Some good matching items can be constructed if the number of links required in the answer is restricted. For example, this mathematics task requires only one link to be made out of a possible 6. (The six are A-B, A-C, A-D, B-C, B-D, and C-D. Note that the links can be written in reverse too: B-A, C-A, and so on.)
Two of these shapes have the same area.

A

B

C

D

Which two are they? ........... and ..............
Multiple-choice items present some information followed by three or four responses, one of which is correct. The others, called distractors, are unequivocally incorrect, but this should be obvious only to candidates who ‘know’ that aspect of the work. An extreme case is where there are only two choices ( as in ‘true-false’, ‘yes-no’,
“feature absent-feature present”).
For example, the following multiple-choice item has four options, with only one the correct response.
The term platyrrhini refers to a group of animals which includes:
A

Platypus

B

Marmosets

C

Flatworms

D

Plankton

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There are some potential difficulties with multiple-choice items. For example, it is possible to score this kind of test without knowing any answers to the items. The so-called ‘correction for guessing’ does not work – those who are lucky in guessing correct answers do not lose their advantage and those who are unlucky in their guessing do not get any compensation. Those that do not guess may be disadvantaged relative to those who have lucky guesses.
Further, using such a ‘correction’ increases the examiner’s work and provides an opportunity for calculation errors which may reduce the accuracy of the scores.
The probability of gaining high scores without knowledge is greater if there are only two choices. This factor, combined with the difficulty of constructing pairs of plausible choices, and the fact that
‘correction for guessing’ does not work, makes it unwise to use twochoice items (like ‘true-false’) in tests.
However, with a well-constructed test with an adequate number of items (each with three to five distractors), the probability of achieving a high score by random guessing is very small. If all items in a test are answered by all candidates, then applying a correction formula does not alter the rank order of candidates.
In the educational context, most (if not all) tests should have sufficient time for most students to attempt most items. In this way, adequate time to attempt the items allows an adequate sample of performance to be gathered.

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What types of tasks?

Is one type of question better than another?
One important advantage of multiple-choice items is that the scoring is very consistent from marker to marker, relatively rapid, and can be undertaken by machine or by clerical staff. By contrast, performance tasks like essay items require markers skilled in assessing essays in the appropriate content area, take more time, and the markers may have problems in achieving consistency.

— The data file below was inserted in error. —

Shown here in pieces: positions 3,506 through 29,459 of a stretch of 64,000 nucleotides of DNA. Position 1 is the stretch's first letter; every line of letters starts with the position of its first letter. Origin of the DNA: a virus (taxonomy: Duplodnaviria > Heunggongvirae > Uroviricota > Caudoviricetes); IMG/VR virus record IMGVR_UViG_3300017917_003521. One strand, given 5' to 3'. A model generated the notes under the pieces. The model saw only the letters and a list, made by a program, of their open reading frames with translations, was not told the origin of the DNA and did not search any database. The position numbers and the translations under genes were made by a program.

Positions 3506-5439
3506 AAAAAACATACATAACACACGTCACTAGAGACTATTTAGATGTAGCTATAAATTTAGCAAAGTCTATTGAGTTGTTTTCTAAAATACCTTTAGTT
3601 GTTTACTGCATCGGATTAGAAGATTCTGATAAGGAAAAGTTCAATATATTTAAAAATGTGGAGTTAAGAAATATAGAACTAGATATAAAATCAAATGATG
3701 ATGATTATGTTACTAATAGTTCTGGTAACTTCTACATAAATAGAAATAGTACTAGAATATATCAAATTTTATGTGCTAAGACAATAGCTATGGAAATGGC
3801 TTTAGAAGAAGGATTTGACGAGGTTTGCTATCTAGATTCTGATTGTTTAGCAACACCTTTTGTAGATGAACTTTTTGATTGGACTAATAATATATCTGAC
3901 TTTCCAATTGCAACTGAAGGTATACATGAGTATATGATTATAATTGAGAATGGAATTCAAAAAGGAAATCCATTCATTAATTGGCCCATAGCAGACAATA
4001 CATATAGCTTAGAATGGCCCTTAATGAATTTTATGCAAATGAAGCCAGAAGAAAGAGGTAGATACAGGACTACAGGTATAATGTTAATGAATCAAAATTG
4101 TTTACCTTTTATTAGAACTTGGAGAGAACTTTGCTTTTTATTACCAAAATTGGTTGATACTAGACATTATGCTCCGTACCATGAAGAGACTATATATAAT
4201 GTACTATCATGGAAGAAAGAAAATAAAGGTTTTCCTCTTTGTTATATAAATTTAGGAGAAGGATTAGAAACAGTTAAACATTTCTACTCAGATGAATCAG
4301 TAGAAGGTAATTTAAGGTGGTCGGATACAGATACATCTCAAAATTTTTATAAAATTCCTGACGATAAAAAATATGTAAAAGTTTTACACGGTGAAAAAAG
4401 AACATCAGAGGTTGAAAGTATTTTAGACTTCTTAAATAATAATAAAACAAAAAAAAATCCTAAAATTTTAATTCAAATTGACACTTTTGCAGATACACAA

However, whatever type of question is used, the critical issue is whether the test provides a valid assessment of skills and knowledge in relation to the course objectives. It may be more appropriate to have items of both types in one test or examination
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7

The test construction steps
Before deciding to construct a test, one needs to know what information is required, how quickly it is needed, and the likely actions that are to be taken according to the results on a test. The crucial question is, «What information is needed about student achievement?» A second important question is, «Can we afford the resources needed to gather this information?» These resources include the costs involved in providing human resources, word processing and computing facilities, materials and equipment for photocopying and printing. Figure 4 shows the stages in the test construction process.

Content analysis and test blueprints
A content analysis provides a summary of the intentions of the curriculum expressed in content terms. Which content is supposed to be covered in the curriculum? Are there significant sections of this content? Are there significant sub-divisions within any of the sections? Which of these content areas should a representative test include? A test blueprint is a specification of what the test should cover rather than a description of what the curriculum covers. A test blueprint should include the test title, the fundamental purpose of the test, the aspects of the curriculum covered by the test, an indication of the students for whom the test will be used, the types of task that will be used in the test (and how these tasks will fit in with other relevant evidence to be collected), the uses to be made

32

Stages in test construction
Decision to gather evidence

â
Decision to allocate resources

â
Content analysis and test blue print

â
Item writing

à

Figure 4.

â
Item review 1